Along with the nine-book run of 'Counter Force' (1983-1985), author Daniel Streib's most successful contribution to men's action-adventure was the 14-volume 'Hawk' series (1980-1981). The series' debut, “The Deadly Crusader”, was published by Jove and introduces an international hero named Michael Hawk. While the novel's artwork was alluring, consumers may have been misled by the character's dangerous profession. Instead of a globe-trotting spy spewing hot lead, this hero is a freelance reporter chasing hot scoops.

The novel begins by explaining that Michael Hawk was voluntarily arrested after breaking into a Russian psychiatric hospital. His prison experience was a planned expose on the happenings in and around the Iron Curtain. In the book's opening chapters, Hawk is returned to the US via a cruise ship headed to a sunshine-drenched Greek island where Hawk begins writing down his prison experiences while delighting in the riches of horny young female tourists.

By page 70, Hawk finds himself wandering around on the Greek island when a shootout occurs leaving one man dead. In an attempt to learn who was killed, Hawk attracts the attention of a wealthy dictator and soon finds his own life in jeopardy. Once his weekend lover is killed, Hawk demands to know more about the mysterious island and the dictator. Streib's narrative, while stretched sinewy thin, offers some insight to the character's backstory while attempting to propel the current story arc forward.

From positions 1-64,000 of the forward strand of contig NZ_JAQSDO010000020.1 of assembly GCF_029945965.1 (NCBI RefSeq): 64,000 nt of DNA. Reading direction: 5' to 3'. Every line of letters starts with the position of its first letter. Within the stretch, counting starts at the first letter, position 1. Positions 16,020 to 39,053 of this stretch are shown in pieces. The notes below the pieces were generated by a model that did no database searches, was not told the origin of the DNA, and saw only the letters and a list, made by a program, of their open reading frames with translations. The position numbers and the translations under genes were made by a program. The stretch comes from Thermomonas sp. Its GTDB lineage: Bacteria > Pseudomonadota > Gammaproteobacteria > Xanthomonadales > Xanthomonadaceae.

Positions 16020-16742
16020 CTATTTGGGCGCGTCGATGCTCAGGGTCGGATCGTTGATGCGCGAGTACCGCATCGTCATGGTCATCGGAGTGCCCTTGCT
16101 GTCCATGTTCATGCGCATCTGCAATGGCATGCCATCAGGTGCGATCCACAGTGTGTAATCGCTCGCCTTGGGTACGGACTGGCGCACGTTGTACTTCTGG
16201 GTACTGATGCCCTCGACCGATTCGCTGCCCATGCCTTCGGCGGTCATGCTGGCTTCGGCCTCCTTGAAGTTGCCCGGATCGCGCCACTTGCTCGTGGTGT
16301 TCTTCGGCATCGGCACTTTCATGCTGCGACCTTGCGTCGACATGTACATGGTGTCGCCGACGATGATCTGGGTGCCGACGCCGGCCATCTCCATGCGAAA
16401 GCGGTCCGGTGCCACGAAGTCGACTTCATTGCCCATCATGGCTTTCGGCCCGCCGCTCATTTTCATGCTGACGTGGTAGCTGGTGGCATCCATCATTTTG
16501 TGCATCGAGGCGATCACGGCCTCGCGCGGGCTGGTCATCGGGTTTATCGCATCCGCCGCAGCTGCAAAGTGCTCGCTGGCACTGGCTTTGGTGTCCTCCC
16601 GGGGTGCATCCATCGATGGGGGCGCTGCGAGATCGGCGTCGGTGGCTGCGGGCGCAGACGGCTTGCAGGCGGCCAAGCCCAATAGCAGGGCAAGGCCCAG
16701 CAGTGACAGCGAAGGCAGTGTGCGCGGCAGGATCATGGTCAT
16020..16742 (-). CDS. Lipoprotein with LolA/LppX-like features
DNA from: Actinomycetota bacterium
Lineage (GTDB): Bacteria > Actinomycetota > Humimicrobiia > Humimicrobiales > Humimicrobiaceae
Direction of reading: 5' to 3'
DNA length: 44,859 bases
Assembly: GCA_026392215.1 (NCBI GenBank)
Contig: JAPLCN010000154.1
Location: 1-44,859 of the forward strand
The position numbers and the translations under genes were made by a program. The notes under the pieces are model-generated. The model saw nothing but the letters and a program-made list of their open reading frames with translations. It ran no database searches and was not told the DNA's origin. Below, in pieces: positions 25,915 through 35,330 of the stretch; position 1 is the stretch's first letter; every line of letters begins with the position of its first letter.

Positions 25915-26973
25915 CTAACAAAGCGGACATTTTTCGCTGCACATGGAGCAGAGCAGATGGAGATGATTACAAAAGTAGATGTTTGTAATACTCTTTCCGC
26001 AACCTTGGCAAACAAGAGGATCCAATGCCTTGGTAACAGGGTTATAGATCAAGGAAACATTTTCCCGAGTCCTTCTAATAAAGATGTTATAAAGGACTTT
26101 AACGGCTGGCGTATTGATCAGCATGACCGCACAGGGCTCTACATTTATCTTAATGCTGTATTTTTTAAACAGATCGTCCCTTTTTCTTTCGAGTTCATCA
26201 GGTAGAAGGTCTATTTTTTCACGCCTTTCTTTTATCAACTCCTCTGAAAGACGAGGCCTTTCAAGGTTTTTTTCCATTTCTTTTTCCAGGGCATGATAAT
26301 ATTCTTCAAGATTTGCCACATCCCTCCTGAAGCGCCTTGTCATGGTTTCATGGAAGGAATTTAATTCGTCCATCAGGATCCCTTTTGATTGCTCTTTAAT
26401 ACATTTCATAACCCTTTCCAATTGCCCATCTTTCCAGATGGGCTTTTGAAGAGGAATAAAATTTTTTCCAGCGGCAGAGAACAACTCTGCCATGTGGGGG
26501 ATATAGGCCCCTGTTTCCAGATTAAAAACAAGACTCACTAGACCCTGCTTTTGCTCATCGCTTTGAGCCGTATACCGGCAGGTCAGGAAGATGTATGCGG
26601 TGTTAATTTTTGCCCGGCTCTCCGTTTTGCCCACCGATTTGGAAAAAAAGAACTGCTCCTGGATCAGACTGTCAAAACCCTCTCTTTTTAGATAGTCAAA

Needless to say, “The Deadly Crusader” is an uneven and thin narrative to explore. In fact, through the book's 187 sluggish pages, very little actually happens. The author's story never comes to fruition simply because nothing is ever explained to the reader. Streib just assumes readers understand all of the story's nuances through telepathy. In fact, I'm not sure this began as one full story. My theory is this book is a culmination of broken stories that were never finished and instead were just sewn up here to resemble something approximating a series debut. I speculate that Jove, who already had a smash hit on their hands with 'Nick Carter: Killmaster', thought they could fool their consumers into buying another “similar” series, so they concocted the idea of Hawk. Regardless of Hawk’s creative Genesis, this paperback is terrible and I can't imagine the series improved thereafter.